An international team of researchers discovered a new species of dinosaur, Xiyunykus pengi, during an expedition to Xinjiang, China. The discovery is the ninth species of dinosaur identified as part of a partnership between George Washington University and the Chinese Academy of Sciences.
The findings were published Aug. 23 in Current Biology along with the description of a second new intermediate species, Bannykus wulatensis. Xiyunykus and Bannykus are both alvarezsaurs, a mysterious group of dinosaurs that share many characteristics with birds. Their bodies are slender, with a bird-like skull and many small teeth instead of the usual large, sharp cutting teeth of their meat-eating relatives.
“When we described the first well-known alvarezsaur, Mononykus, in 1993, we were amazed at the contrast between its mole-like arms and its roadrunner-like body, but there were few fossils connecting it back to other theropod groups,” said James Clark, the Ronald Weintraub Professor of Biology at the Columbian College of Arts and Sciences.
An international team of researchers discovered a new species of dinosaur, Xiyunykus pengi, during an expedition to Xinjiang, China. Shown are the bones before they were removed from the rock. (Photo: James Clark)
Alvarezsaurs did not always look this way. Early members of the group had relatively long arms with strong-clawed hands and typical meat-eating teeth. Over time, the alvarezsaurs evolved into dinosaurs with mole-like arms and a single claw. The discovery of new specimens allowed researchers to uncover an important shift in how the specialized features of the alvarezsaurs evolved.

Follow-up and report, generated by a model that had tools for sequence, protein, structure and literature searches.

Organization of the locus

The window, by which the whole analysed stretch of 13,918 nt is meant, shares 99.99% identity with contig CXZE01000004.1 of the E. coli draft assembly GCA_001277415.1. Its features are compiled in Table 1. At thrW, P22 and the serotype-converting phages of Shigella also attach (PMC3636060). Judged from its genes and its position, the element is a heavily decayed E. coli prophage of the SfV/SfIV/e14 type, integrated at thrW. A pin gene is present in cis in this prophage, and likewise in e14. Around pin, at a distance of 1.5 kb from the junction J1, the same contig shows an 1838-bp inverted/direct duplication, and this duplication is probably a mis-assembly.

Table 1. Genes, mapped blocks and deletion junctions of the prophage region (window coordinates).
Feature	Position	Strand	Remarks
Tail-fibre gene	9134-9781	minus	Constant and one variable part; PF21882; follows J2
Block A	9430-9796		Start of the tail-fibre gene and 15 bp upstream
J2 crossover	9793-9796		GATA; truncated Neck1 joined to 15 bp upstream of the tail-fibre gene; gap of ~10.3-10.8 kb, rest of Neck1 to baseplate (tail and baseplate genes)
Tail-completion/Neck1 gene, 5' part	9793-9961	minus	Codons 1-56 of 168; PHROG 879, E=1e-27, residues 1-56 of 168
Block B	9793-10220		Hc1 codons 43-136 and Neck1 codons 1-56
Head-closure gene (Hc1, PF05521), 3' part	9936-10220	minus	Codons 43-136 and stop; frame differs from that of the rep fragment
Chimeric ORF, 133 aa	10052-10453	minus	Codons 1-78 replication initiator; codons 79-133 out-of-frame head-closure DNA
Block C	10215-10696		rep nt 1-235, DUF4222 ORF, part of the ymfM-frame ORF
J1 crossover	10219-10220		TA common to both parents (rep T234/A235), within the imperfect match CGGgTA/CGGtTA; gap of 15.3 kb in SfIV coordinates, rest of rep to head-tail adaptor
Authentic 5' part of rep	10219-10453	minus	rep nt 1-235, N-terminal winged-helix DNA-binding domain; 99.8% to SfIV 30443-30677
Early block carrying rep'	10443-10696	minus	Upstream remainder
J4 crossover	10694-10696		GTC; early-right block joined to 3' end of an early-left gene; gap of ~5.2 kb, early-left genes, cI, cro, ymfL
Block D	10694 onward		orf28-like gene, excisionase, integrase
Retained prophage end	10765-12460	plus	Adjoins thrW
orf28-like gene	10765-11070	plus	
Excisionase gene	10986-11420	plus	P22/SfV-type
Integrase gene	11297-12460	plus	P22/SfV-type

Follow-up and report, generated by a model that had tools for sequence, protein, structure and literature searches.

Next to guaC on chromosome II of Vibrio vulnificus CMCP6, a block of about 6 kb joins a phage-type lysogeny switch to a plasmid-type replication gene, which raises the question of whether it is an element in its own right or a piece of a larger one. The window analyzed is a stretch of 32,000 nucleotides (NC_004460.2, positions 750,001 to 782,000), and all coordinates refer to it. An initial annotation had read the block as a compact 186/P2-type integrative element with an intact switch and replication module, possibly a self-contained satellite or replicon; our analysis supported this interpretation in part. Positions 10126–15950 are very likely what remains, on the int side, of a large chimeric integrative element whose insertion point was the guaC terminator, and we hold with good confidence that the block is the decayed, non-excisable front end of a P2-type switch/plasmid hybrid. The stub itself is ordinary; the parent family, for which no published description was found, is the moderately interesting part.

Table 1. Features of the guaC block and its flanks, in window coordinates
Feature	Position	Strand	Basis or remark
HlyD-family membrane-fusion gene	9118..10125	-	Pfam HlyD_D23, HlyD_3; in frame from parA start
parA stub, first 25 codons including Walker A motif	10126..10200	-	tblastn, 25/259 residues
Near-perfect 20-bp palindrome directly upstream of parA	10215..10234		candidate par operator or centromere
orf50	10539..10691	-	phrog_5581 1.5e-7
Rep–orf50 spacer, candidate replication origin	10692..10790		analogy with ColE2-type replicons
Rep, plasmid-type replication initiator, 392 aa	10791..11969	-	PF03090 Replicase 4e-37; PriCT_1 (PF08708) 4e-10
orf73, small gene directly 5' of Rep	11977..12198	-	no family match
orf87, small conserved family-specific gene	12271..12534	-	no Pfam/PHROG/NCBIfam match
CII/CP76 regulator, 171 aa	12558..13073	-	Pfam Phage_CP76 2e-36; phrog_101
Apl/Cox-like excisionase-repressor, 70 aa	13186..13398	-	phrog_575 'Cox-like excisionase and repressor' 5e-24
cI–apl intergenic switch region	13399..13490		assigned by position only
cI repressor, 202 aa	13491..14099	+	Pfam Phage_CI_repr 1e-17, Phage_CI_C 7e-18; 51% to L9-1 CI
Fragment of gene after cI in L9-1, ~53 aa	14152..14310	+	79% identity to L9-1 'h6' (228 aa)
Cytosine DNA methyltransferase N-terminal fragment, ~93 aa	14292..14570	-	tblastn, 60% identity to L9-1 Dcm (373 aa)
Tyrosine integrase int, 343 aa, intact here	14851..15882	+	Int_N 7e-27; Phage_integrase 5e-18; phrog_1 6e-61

"It can be hard to pin down the relationships of highly specialized animals. But fossil species with transitional features, like Xiyunykus and Bannykus, are tremendously helpful because they link bizarre anatomical features to more typical ones," said Jonah Choiniere, Ph.D. ’10, an associate professor at Wits University and member of the research team.
The fossils were discovered during an expedition co-led by Dr. Clark and Xing Xu of the Institute of Vertebrate Paleontology and Paleoanthropology at the Chinese Academy of Sciences. The fieldwork and research were supported by a U.S. National Science Foundation grant.
“Our international field teams have been tremendously productive over the years,” Dr. Xu said. “This research showcases just some of our incredible discoveries.”